Driverless Vehicles and the Future of Accident Liability

Earlier this month, Tesla Motors CEO Elon Musk made waves in the automotive industry when he announced that his company was just two years away from releasing its first fully autonomous vehicle. Prior to this announcement, even the most optimistic industry forecasters estimated that it would be about five years before driverless cars hit the consumer market.

Coming from anyone else, Musk’s estimate might sound like a desperate grab for media attention. But in light of the fact that his other company, SpaceX, just successfully landed a rocket upright after returning from orbit for the first time in history, his prediction about driverless cars doesn’t seem quite so outrageous.

Whether or not Musk’s estimate will prove to be accurate, there’s little doubt that sooner or later driverless vehicles will become commonplace on America’s roadways. Once this day does come, the questions surrounding accident liability could get a whole lot more complicated. Automakers, legislators and insurance providers are already working to hammer out the details of how fault will be established in car accidents that involve autonomous vehicles. Let’s take a look at a few of the hot-button issues surrounding accident liability and driverless cars.

Joint Liability Between Man and Machine

At least initially, autonomous vehicles will still need to have a driver behind the wheel. In California, legislation has already been passed that requires a licensed driver behind the wheel of any partially or fully autonomous vehicle. So let’s say one of these vehicles gets in an accident. Is the computer at fault, or the driver?

Maybe the driver panicked and took control of the vehicle moments before the accident. Or maybe a technical defect caused the computer to crash the vehicle into an obstacle. In this second case, would the driver be partially at fault for failing to take control of the vehicle in time to avoid the accident? These are complex scenarios with a great deal of room for interpretation. Fortunately, according to a recent article in the Atlantic, well-established product liability legislation can already account for a number of these hypotheticals. Rather than coming up with a whole new set of laws to govern autonomous vehicle liability, the author argues that we can simply adapt existing legislation instead.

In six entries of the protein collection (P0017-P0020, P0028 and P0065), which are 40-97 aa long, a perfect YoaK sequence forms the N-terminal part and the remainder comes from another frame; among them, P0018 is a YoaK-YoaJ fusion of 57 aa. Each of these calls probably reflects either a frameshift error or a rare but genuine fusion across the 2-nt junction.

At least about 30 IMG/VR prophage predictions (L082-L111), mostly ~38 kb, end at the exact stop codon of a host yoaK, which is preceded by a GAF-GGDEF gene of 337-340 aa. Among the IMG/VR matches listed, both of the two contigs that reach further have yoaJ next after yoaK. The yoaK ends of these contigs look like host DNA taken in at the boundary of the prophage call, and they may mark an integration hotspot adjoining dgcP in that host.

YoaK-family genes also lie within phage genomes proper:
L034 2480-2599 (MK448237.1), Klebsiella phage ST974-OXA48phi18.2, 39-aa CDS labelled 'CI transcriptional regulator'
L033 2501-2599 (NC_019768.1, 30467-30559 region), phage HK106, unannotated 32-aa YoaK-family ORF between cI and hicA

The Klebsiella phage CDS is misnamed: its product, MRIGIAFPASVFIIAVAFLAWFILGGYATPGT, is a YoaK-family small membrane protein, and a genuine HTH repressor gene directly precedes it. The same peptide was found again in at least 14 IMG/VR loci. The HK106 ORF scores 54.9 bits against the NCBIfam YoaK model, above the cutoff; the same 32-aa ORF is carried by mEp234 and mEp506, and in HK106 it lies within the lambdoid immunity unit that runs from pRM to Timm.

Utilitarian Considerations

What if your autonomous vehicle had to kill you to save other lives? Let’s say you’re the only passenger in the vehicle, and it’s rapidly approaching an intersection where you have the green light. On either side of the road are concrete barriers. Just before the car reaches the intersection, three pedestrians suddenly rush out into traffic ahead of you. They’re close enough that the vehicle won’t be able to brake in time to avoid hitting them. Should the car’s navigation software direct it to crash into one of those barriers to avoid hitting the pedestrians? According to an article in the MIT Technology Review, it might have to. To minimize the loss of life in car accidents, autonomous vehicles will have to make some split-second decisions that raise some extremely tough ethical questions. No doubt these ethical questions will have an enormous influence on the way we establish liability in car accidents as well.

Will Automakers Assume Responsibility?

Late last year, Volvo announced that it would accept fully liability for accidents involving its autonomous vehicles. Google, another prominent advocate of driverless vehicle technologies, has made similar assertions in the past. Volvo made the announcement in hopes that it would pressure lawmakers to enact nationwide regulatory measures to govern autonomous vehicle deployment. Currently, many automakers are concerned that legal variances between states will hamstring distribution of driverless cars on the consumer market. By assuming responsibility for its vehicles’ actions, Volvo hopes that it will put at least one important regulatory dilemma to rest.

“Everybody is aware of the fact that driverless technology will never be perfect – one day there will be an accident. So the question becomes who is responsible and we think it’s unrealistic to put that responsibility on our customers,” said Erik Coelingh, Volvo’s chief technical officer in an interview with the BBC.

If automakers want to see their driverless vehicles hit the road in a timely fashion, they may have to make more concessions such as this one to appease regulatory agencies.

These are just a few of the liability issues currently facing the automakers designing the world’s first driverless cars. Rest assured that when the day does finally come when driverless vehicles are available on the consumer market, the attorneys at Hirsch & Lyon Accident Law will be there to protect you in the event of an accident.